Workplace mental health platform Unmind raises $47m

Unmind, a workplace mental health platform, has closed a $47 million Series B funding round.

The round was led by EQT Ventures and supported by Sapphire Ventures, with existing investors Project A, Felix Capital, and True also joining the round.

Unmind’s platform provides services such as remote therapy aimed at understanding and improving employee’s mental health.

The company said that they serve 2 million employees in 110 countries, and boast Uber, British Airways, Marks & Spencer, and Samsung as clients.

Unmind said it will use the new capital to accelerate its international growth and continue to develop its content, features, and integrations.

The company also said the capital will help it increase its headcount to 200 people by the end of 2021, across its offices in London, New York, and Sydney.

Unmind said it had more than tripled revenues in the last 12 months, as the pandemic boosted demand for its services.

According to statistics cited by Unmind, 78.5 per cent of employers reported an increase in requests for mental health support over the course of the pandemic and 90 per cent said they were concerned that their employees are experiencing burnout.

About 70 per cent of employer’s plan to invest in mental health resources by starting, continuing, or expanding benefits in 2021 according to Unmind’s statistics, with 88 per cent of large employers expecting to provide access to online mental health support this year.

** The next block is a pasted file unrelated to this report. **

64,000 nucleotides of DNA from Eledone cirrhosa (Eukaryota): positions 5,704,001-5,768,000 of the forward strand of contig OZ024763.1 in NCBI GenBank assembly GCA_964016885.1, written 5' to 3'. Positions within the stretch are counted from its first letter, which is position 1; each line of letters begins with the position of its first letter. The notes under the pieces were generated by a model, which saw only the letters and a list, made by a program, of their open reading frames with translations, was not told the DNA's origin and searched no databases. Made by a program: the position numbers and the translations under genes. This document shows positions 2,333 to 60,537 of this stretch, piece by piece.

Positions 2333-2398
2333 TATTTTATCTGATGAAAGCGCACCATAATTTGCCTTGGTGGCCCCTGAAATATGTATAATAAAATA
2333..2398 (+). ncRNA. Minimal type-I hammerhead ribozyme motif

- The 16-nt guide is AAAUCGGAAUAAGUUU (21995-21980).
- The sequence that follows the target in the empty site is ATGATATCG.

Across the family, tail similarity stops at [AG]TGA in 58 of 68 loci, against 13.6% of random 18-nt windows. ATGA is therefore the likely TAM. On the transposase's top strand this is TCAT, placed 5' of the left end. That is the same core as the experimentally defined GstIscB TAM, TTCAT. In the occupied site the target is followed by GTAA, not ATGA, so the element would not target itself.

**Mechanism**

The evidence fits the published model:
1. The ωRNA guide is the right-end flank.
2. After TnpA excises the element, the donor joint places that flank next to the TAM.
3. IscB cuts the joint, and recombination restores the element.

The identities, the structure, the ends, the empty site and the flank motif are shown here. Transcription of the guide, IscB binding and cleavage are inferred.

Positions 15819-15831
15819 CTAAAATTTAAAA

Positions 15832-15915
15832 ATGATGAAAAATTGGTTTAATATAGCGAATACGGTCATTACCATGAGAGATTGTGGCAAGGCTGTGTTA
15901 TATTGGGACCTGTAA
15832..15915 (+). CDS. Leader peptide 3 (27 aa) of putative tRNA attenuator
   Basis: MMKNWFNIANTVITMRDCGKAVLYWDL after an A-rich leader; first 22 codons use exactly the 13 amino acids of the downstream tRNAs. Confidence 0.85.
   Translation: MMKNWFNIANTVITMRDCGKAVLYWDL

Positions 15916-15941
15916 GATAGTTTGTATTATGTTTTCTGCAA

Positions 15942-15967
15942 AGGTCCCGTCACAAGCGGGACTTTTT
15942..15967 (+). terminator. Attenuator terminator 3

“Unmind was built on the belief that everyone has the right to a healthy mind,” said Dr Nick Taylor, Clinical Psychologist, Co-founder and chief executive at Unmind. “Thanks to the support from our investors, this round of funding gives us the opportunity to scale our team while further developing the product with clinically-backed insights and research.”

“In turn, this will help us to meet growing global demand from employers looking to drive positive cultural change around mental health in the workplace. At Unmind, we see the future of mental healthcare rooted in prevention.”

He added: “After all, we all have mental health, all of the time, and just like physical health or dental health, there's a range of ways we can proactively nurture and improve it.”

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